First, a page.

Shopping at Aldi

Do you know Aldi Foods, my yuppie friend?

They are basically Trader Joe’s for non-yuppies.  We were on the West side for some reason a month or two ago near our local Aldi and Sarah mentioned that her deeply-broke painter friend Annie loves it, so we decided to give it a try.  I was a bit weirded out by the whole experience but had to admit that it was very, very cheap.  Later I read this article about it in the NY Times where I learned the whole fascinating Aldi saga.

The chain’s low-key style reflects its reclusive, elderly founders, the octogenarian German billionaires Theo and Karl Albrecht, who reportedly live on the island of Föhr in the North Sea, where they are said to collect typewriters, play golf and tend to orchids. In 1971, Theo was kidnapped for 17 days, and the brothers have kept a low profile ever since.

The brothers split the business in two in the early 1960s, after a disagreement over whether to sell cigarettes. There are now two companies, Aldi Nord and Aldi Sud, which owns the United States division. In 1979, Theo Albrecht bought the Trader Joe’s chain, which shares Aldi’s small-store format, its reliance on private-label brands and its reputation for value, albeit in a hipper and more upscale way.

So, it’s not that Aldi is like Trader Joe’s, it’s that Trader Joe’s is the latest incarnation/secondary rebranding of Aldi.  Trader Joe’s is just Aldi with more attitude and better graphic design.  To quote the Times again,

Its stores are small and spartan, with minimal décor and a limited selection of products. They are often found in nondescript shopping strips and lack the flashy signs and window displays of some competitors. Grocery carts cost a quarter apiece, which is refundable after the cart is returned….What makes Aldi so special is that, quite simply, its prices are cheaper than just about anyone else’s, including Wal-Mart’s.

We returned to Aldi this weekend, and I will testify that, yes, the prices are really low.  Like, I am used to paying $3.50 or something at the organic co-op for a jar of raspberry jelly (the girls go through that stuff at a frightening rate as it is one of the 5 or so food types they will eat); maybe at Kroger’s I’d pay $2.79 for a larger jar.  At Aldi it was $1.49 a jar.  Now, I haven’t tried it yet, so maybe it’s crap [note: it turned out to be excellent], but the ingredients seem fine and the Times article reassured me that the food at Aldi was not there because it was lead-contaminated or anything like that, but instead because those typewriter-collecting octogenarian German billionaires drive a hard bargain, get bulk discounts and do not indulge in any frills like free shopping bags, free use of grocery carts, credit cards (debit only) or much shelving.  Nope, they basically stick the crate of food on the floor with a little sign and let the thrifty customers do the rest.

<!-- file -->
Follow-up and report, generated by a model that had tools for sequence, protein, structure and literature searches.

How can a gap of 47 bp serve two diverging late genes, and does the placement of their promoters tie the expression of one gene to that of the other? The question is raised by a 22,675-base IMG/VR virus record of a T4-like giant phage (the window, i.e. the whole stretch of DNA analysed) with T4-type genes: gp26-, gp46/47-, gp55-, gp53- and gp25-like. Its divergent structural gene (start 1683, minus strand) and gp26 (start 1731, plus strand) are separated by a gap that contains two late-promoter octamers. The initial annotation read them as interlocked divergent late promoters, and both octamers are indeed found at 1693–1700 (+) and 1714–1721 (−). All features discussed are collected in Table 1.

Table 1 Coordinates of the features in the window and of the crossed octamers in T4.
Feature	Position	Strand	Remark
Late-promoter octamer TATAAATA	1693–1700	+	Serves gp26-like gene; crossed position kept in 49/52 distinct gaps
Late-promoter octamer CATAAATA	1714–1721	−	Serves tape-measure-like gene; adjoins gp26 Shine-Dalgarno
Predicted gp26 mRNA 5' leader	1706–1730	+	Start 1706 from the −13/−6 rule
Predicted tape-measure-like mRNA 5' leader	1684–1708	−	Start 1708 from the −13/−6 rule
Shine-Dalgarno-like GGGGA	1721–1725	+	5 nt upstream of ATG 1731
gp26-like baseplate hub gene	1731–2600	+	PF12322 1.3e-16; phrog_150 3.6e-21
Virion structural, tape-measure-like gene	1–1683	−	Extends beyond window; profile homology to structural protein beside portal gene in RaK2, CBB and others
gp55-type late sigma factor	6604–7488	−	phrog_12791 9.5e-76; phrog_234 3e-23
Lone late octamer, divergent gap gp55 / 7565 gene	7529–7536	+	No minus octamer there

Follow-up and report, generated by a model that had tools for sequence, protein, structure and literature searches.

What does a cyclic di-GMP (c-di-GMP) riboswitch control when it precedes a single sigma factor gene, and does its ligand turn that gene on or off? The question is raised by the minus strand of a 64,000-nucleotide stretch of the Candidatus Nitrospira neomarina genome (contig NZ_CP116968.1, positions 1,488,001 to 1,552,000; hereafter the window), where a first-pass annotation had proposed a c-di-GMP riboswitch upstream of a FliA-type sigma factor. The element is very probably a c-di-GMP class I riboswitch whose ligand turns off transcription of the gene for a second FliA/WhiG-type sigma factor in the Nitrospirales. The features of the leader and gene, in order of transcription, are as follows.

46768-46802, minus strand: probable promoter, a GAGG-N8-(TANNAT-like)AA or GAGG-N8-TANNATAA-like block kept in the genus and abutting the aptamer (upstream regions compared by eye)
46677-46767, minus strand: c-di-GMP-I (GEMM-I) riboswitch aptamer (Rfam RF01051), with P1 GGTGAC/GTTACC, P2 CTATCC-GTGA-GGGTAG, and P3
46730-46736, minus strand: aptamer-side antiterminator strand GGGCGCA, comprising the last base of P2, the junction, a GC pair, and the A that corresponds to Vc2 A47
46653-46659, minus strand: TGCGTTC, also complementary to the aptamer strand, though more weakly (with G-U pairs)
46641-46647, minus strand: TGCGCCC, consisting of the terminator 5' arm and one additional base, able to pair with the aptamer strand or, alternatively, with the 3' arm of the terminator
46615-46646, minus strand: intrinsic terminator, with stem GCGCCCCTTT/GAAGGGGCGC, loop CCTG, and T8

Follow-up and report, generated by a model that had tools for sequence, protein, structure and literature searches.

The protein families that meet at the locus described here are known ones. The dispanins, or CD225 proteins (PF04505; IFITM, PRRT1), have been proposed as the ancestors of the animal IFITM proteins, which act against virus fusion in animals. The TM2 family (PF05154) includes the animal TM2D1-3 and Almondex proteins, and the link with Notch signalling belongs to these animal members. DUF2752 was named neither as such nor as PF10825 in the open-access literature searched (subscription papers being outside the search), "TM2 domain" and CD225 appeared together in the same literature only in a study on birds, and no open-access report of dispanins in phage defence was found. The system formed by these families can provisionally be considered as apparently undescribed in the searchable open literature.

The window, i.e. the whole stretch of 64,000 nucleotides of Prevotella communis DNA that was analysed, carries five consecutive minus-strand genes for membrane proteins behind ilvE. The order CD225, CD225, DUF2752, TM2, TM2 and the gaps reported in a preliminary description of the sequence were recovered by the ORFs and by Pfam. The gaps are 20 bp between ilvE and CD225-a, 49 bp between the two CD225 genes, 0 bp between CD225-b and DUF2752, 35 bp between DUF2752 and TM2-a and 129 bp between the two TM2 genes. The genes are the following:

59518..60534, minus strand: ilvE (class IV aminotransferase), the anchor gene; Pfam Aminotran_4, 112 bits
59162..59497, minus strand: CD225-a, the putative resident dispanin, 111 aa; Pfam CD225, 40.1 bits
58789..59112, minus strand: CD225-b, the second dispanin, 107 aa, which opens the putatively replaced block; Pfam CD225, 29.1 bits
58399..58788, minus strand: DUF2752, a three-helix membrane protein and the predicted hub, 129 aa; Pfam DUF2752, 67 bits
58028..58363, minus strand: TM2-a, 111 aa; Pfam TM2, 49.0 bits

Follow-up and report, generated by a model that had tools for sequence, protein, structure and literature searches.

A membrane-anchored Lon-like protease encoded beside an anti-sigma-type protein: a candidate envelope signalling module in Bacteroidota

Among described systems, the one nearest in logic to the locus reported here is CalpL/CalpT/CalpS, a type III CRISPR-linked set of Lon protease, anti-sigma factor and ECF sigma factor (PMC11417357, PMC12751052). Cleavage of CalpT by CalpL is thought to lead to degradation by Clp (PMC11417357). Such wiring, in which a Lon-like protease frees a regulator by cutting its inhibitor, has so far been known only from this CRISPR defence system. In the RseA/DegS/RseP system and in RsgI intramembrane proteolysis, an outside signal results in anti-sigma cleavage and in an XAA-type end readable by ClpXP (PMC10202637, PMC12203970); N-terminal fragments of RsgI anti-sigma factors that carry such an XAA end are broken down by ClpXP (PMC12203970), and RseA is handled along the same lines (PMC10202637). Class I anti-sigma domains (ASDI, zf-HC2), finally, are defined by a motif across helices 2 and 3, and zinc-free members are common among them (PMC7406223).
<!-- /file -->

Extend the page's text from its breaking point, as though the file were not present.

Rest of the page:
Some of the items are a bit sketchy-seeming and you’re definitely not going to find organic food here — we didn’t buy any meat — but on the other hand, you do find some surprising little European items like those chewy candy Haribo raspberries (for 75 cents a bag or some such).  There’s only one kind of most items and the corn flakes are not the brand you’re used to, but they are $1.15 a box.

Being a real cheapskate, I kind of dig the no-free-shopping-cart or shopping bags atmosphere, which almost feels East German or something.  It’s almost perverse — how much money do they really save by making you shell out the quarter for use of the cart, which you get back if you return the cart properly?  They need fewer employees, I guess, so it sort of makes sense.

I should buy some Aldi stock.

This post inaugurates a new category, btw: Livin’ in the Recession.

2 thoughts on “Shopping at Aldi”

  1. The most interesting thing about the Aldi on the west side is the giant vans full of Amish women and girls that pull up there. The driver stays in the van (presumably a rental?) and the ladies come out with carts overflowing with toilet paper and canned goods — all things that make me wonder about what Amish life is really like these days. I mean, you can’t drive yourself to the grocery store, but if you get someone else to grive you, it’s OK to buy masiive quantities of bulk paper products.

    It’s an interesting economy in which it is cheaper for the Amish to hire a driver to take them to the next county to buy consumer goods made in China and shipped to the US than it is for them to make it themselves. Is this the spirit of simpilicity in the 21st century?

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